Under Armour, Nike Tumble as Sports Authority Takes Toll

Sports Authority Liquidation Hits Nike and Under Armour

Under Armour Inc. and Nike Inc. declined in New York trading after the Sports Authority Inc. liquidation and competition in the footwear market raised concerns about the athletic-apparel giants.

Under Armour cut its annual forecast on Tuesday, citing the demise of one of its largest customers, Sports Authority. Nike, meanwhile, was downgraded by Morgan Stanley and Bank of America Merrill Lynch. Analysts pointed to mounting competition -- including against Under Armour -- as well as fears of a broader slowdown.

“Many new entrants are fragmenting the market, and Nike is lapping five years of double-digit growth,” Morgan Stanley analyst Jay Sole said in a report. “Retail bankruptcies and consumers’ shift to online shopping has created heavy excess inventory.”

Shares of Under Armour tumbled as much as 6.1 percent to $35.42 in New York, the biggest intraday decline in almost a month. Nike fell 4.2 percent to $52.92, that stock’s worst performance since March 23.

Under Armour now expects revenue of $4.93 billion this year, down from an earlier forecast of about $5 billion, according to a statement on Tuesday. Operating income will amount to about $440 million to $445 million, compared with an earlier projection for as much as $507 million. The Baltimore-based company will also take a $23 million writedown this quarter to reflect Sports Authority’s demise.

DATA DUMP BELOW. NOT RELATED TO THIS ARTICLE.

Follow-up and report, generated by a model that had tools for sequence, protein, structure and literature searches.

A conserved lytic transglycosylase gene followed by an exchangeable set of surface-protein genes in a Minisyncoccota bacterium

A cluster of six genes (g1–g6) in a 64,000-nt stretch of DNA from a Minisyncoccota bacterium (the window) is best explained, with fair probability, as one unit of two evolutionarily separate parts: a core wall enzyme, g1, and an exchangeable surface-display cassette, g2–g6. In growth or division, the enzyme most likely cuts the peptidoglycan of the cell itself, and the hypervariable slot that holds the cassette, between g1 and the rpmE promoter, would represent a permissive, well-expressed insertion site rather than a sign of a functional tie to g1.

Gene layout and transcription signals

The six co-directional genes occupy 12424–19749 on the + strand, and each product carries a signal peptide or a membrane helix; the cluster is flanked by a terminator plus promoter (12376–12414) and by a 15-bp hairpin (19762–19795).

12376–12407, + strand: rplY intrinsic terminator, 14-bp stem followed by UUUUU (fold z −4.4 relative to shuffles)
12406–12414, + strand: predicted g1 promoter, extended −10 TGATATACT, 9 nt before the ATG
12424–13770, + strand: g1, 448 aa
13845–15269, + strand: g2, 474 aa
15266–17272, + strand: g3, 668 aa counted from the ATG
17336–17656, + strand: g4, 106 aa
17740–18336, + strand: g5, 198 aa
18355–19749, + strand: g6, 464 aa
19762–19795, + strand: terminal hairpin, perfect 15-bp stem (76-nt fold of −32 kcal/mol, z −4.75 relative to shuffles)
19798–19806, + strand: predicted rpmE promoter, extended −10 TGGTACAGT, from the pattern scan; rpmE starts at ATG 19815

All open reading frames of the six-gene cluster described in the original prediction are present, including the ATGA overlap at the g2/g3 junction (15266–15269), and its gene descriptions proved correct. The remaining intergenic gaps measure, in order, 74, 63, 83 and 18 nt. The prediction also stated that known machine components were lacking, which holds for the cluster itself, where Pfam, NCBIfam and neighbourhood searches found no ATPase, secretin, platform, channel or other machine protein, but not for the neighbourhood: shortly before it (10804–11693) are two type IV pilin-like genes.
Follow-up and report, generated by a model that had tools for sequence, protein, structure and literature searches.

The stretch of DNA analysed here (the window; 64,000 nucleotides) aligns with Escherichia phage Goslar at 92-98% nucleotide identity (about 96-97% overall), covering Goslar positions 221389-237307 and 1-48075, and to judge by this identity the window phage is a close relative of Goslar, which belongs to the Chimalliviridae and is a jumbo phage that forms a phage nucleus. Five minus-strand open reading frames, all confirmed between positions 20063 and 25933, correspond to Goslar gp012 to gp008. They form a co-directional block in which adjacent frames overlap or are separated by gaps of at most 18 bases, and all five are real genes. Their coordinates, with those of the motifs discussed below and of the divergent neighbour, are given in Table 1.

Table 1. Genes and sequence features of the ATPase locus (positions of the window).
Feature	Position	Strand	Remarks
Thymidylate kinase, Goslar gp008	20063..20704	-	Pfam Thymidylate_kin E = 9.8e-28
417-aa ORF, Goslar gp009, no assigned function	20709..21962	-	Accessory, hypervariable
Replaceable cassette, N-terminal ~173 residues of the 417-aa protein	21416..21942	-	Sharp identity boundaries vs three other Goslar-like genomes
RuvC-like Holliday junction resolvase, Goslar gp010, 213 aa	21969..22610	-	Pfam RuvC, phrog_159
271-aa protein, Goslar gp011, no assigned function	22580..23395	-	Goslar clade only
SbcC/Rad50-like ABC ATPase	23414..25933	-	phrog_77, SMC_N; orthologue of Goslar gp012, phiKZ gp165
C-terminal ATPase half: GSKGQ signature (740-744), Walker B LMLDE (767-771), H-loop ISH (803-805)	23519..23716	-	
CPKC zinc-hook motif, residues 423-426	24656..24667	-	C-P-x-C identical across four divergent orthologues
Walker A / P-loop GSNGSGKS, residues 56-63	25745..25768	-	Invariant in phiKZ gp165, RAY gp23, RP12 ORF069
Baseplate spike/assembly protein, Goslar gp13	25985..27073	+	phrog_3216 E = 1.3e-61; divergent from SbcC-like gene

Liquidation Plan

When Sports Authority filed for bankruptcy in March, it originally planned to re-emerge from Chapter 11 after closing some stores and cutting costs. But liquidators won an auction for the company’s assets earlier this month, sealing the retail chain’s fate.

“While the Sports Authority’s bankruptcy impacts our 2016 outlook, our brand’s momentum is stronger than ever as we continue to see growth and increased demand across all categories and geographies,” Under Armour Chief Executive Officer Kevin Plank said in Tuesday’s statement.

Under Armour was already down 9.4 percent this year through Tuesday’s close.

Camilo Lyon, an analyst at Canaccord Genuity, expects the company to recover from the setback, noting that Under Armour’s 2018 revenue targets are “firmly in place.”

“We view this as a transition period,” he said in a report. “Our positive long-term outlook remains intact.”

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